There won’t be any second-guessing the pitch selection. Only the location. Félix Bautista, who has been a stout closer for the Orioles this season, was one strike away from sealing a fourth victory for Baltimore. With Kyle Tucker at the plate, Bautista hurled his splitter — a pitch that ranks among the best in baseball.
But Bautista, throwing his career-high 33rd pitch, left that splitter too high in the strike zone, and Tucker lashed it into right field to end Bautista’s evening with a gut-punch in an eventual 11-10 loss.
With the way Orioles starting pitchers had performed the past three games, the bullpen was well rested. Bautista was the only reliever to record an out during Baltimore’s three-game winning streak, which included complete games from Jordan Lyles and Dean Kremer and 8 2/3 innings from Kyle Bradish. Yet when Bautista and the rest of the bullpen appeared, they buckled in big moments, rendering one of the top offensive showings of the season moot and pushing the Orioles (79-72) four games behind the Seattle Mariners for the final American League wild-card spot.
“We did so many good things tonight offensively, and our bullpen has been the backbone of our team, really — our bullpen and defense and pitching,” manager Brandon Hyde said. “We just didn’t have our best night out of the bullpen against a really good offense.”
Anthony Santander blasted two home runs. Cedric Mullins hit one. Rougned Odor opened the ninth inning with a solo shot, giving the Orioles a lifeline. But all those firework-inducing moments went by the wayside to a bullpen that gave up nine runs behind a four-inning start from right-hander Mike Baumann.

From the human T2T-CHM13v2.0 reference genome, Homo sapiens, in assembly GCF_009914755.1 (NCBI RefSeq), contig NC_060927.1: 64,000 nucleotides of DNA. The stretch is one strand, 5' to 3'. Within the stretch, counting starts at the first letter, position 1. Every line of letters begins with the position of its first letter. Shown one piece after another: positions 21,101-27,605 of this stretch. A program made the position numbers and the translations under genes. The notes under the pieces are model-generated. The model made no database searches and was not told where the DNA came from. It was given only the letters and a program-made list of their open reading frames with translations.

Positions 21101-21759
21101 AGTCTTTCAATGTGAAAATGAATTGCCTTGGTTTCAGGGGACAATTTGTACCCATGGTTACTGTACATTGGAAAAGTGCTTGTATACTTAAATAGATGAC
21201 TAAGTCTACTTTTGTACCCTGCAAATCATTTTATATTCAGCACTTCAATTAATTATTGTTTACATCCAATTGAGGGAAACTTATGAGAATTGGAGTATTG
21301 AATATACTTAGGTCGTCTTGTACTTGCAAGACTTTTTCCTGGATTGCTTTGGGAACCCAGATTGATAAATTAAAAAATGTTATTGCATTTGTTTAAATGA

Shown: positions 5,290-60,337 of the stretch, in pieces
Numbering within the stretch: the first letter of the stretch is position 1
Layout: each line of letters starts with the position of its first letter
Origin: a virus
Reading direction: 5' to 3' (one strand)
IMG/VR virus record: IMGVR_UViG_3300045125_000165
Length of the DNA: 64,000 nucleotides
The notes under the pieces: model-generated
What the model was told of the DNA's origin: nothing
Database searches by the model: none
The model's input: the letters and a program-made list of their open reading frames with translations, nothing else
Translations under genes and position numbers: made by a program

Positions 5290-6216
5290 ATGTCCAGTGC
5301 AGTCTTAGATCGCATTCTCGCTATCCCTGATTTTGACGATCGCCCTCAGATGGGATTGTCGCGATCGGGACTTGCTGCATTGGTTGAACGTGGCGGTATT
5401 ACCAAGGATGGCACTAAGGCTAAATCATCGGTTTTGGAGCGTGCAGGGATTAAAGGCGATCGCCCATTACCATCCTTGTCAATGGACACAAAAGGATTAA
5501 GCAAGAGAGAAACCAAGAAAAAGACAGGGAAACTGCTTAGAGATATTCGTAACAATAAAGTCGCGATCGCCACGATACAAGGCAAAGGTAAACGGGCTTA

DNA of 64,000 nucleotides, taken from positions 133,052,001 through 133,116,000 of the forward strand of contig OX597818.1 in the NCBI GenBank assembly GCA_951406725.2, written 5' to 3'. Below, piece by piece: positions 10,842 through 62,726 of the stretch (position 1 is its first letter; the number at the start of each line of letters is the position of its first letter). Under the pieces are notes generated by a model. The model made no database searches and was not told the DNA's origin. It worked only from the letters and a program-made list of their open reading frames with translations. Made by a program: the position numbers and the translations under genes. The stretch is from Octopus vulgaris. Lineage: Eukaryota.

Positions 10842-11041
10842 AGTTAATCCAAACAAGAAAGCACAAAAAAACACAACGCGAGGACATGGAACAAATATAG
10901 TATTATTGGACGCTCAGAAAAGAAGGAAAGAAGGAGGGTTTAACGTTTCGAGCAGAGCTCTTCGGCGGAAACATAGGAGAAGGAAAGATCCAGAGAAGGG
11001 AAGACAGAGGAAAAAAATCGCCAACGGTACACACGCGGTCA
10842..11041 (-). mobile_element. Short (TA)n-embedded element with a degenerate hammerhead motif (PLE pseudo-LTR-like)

Baumann started in place of Tyler Wells, who is likely done for the season after landing on the 15-day injured list with right shoulder inflammation. His four innings were solid, though he allowed a two-run homer to José Altuve on a 3-0 count. But after mainly featuring out of the bullpen this season, that was Baumann’s leash, as he handed the reins over to a relief corps that has been seldom used of late.
They faltered immediately, and again late, in a gut-wrenching loss. Now, there are 11 games remaining to make up five games; the Mariners hold the season tiebreaker over Baltimore.
“That game was the hardest one of the year right there, just because that was the hardest we fought,” Austin Hays said. “Just unfortunate we couldn’t come out of it on the winning side tonight.”
The Orioles notched five runs in an inning for the second straight game against the Astros, taking advantage of an error from shortstop Jeremy Peña to load the bases. Odor’s second hit against Houston this series led to the same result: a two-run single. Mullins’ two-run homer and Santander’s first solo shot were enough to level the game at six.
Then Ryan Mountcastle poked an RBI through the right side for a momentary lead, knocking Framber Valdez out of the game and breaking the Astros left-hander’s streak of 25 quality starts. Baltimore failed to capitalize in the seventh with bases loaded and no outs, only adding pressure on a bullpen that has relaxed of late.
“You’ve got to score as many runs as you can against these guys, cause it’s a great offense,” Hyde said. “When you leave bases loaded, nobody out and you don’t score there, you hope it doesn’t come back to bite you.”